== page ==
Vanderbilt went into Notre Dame Stadium on Saturday with a 2-0 record and still questions about whether the team could stand up to a top-tier opponent. Even after a 22-17 loss to the Notre Dame Fighting Irish, though, Vanderbilt could feel like it had proven itself capable going into next week’s SEC opener.
Saturday began inauspiciously for the Vanderbilt Commodores. The Notre Dame Fighting Irish took the opening kickoff and promptly marched 80 yards in seven plays, setting up a first-and-goal at the Vanderbilt 2; it felt like a massive win to hold the Irish to a field goal. Vanderbilt’s first drive of the game gained a couple of first downs, but ended with a punt; Notre Dame then proceeded on a 15-play, 94-yard drive that ended with a 12-yard touchdown run by Brandon Wimbush to make it 10-0.
Vanderbilt’s defense then settled in for a bit: Notre Dame’s next two drives resulted in three-and-outs. The problem was that, well, Vanderbilt’s next three drives went three-and-out as well. Notre Dame took advantage of a couple of big runs by Tony Jones Jr. to set up another field goal, making the score 13-0 in the second quarter. Vanderbilt’s offense showed some fight, with Khari Blasingame converting a 3rd-and-1 to the Notre Dame 21… and then, well, the most Vanderbilt thing ever happened.
So… yeah. Notre Dame managed to take advantage of that to drive down and kick another field goal. A two-minute drill ended with a Ryley Guay field goal to end the first half and take Vanderbilt into the locker room down 16-3, the first time that Vanderbilt had ever scored points in Notre Dame Stadium.
The third quarter got off to a good start for the Commodores: Kyle Shurmur marched the team down the field, but a patented three-yard completion on 3rd and 15 set up a 43-yard field goal attempt, which Guay missed. Another promising drive for the Commodores ended with a woefully-underthrown deep ball, which Notre Dame’s Troy Pride picked off in the end zone to end the threat. (Vanderbilt did get some good fortune, though, when Pride attempted to bring the ball out of the end zone and then took a knee at the 1.)
But while the offense was misfiring, the defense was stepping up its game in a big way, holding the Irish to a total of 25 yards on their first two drives of the second half. The second punt — following a drive that started at the 1 and failed to gain a first down — gave Vanderbilt great field position, and finally the Commodores took advantage. Kyle Shurmur completed a 30-yard pass to C.J. Bolar on the first play of the drive, and four plays later, Ke’Shawn Vaughn punched in Vanderbilt’s first touchdown of the game from three yards out, cutting Notre Dame’s advantage to 16-10.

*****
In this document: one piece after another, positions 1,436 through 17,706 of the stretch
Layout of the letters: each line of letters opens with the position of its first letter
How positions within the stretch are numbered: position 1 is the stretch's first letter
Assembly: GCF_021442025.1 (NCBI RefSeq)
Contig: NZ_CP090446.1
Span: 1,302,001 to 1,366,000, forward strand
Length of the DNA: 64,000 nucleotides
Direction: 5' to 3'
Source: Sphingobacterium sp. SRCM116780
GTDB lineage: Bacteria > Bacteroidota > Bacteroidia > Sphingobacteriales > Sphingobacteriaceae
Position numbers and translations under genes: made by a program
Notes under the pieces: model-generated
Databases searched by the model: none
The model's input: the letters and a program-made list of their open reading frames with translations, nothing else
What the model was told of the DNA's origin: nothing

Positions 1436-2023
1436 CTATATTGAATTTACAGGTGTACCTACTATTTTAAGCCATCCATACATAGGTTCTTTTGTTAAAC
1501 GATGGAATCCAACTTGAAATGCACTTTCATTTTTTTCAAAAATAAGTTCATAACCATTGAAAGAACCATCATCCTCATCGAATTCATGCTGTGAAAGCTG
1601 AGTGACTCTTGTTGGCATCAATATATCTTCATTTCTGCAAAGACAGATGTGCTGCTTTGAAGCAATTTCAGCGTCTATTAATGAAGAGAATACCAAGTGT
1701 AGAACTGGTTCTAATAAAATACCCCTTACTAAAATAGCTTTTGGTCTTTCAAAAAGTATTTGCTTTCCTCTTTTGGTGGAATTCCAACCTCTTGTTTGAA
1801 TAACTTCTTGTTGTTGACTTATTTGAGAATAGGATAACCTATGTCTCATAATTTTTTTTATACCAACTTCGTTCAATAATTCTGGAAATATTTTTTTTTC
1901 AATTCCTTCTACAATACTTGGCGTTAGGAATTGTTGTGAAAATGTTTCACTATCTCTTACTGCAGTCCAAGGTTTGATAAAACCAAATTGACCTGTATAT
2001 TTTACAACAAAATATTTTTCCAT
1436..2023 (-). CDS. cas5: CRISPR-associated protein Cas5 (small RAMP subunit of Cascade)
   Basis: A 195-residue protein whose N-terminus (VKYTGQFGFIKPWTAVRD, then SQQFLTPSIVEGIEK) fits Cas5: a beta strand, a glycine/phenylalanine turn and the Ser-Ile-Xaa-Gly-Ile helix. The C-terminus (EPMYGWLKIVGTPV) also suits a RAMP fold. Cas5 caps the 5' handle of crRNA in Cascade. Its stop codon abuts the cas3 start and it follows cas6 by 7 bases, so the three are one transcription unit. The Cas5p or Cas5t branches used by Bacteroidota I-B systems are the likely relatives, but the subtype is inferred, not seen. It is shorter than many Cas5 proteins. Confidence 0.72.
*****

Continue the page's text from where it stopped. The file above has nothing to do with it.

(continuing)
Notre Dame responded with an 11-play, 75-yard touchdown drive, but their two-point conversion attempt failed leaving the score 22-10. But Vanderbilt wasn’t done. Vanderbilt opened the ensuing drive with a 14-yard run by Khari Blasingame, followed by an 18-yard pass to Sam Dobbs to bring the Commodores to the Notre Dame 41. The drive appeared to stall there with two straight incompletions, and Mason elected to go for it on 4th-and-8 at the Notre Dame 39 — and Vanderbilt got bailed out when Troy Pride was called for pass interference. On 3rd-and-2, Shurmur hit Jared Pinkney, who rumbled through multiple Irish defenders to get into the end zone and cut the score to 22-17.
But things looked bleak for the Commodores after Notre Dame’s Michael Young took the ensuing kickoff out to midfield, and the Irish needed just three plays to drive the ball down to the Vanderbilt 23. In what’s become a pattern for Derek Mason’s defenses, though, the Irish couldn’t get another first down, and settled for a 32-yard field goal attempt…
…which missed wide right, giving Vanderbilt the ball back down 5 with 3:39 left in the game. Kyle Shurmur completed a big pass to Pinkney out to midfield, but three straight incompletions put Vanderbilt on the brink — and then ANOTHER pass interference call extended Vanderbilt’s drive. But the Commodores’ desperation drive when Kalija Lipscomb couldn’t hold onto a fourth-down pass from Shurmur.
Kyle Shurmur ended the day 26-of-43 for 326 yards with a touchdown and an interception, and Ke’Shawn Vaughn only had nine carries but gained 54 yards and a touchdown. For the game, the Commodores outgained the Fighting Irish, 420-380. Vanderbilt will return home to play South Carolina next Saturday.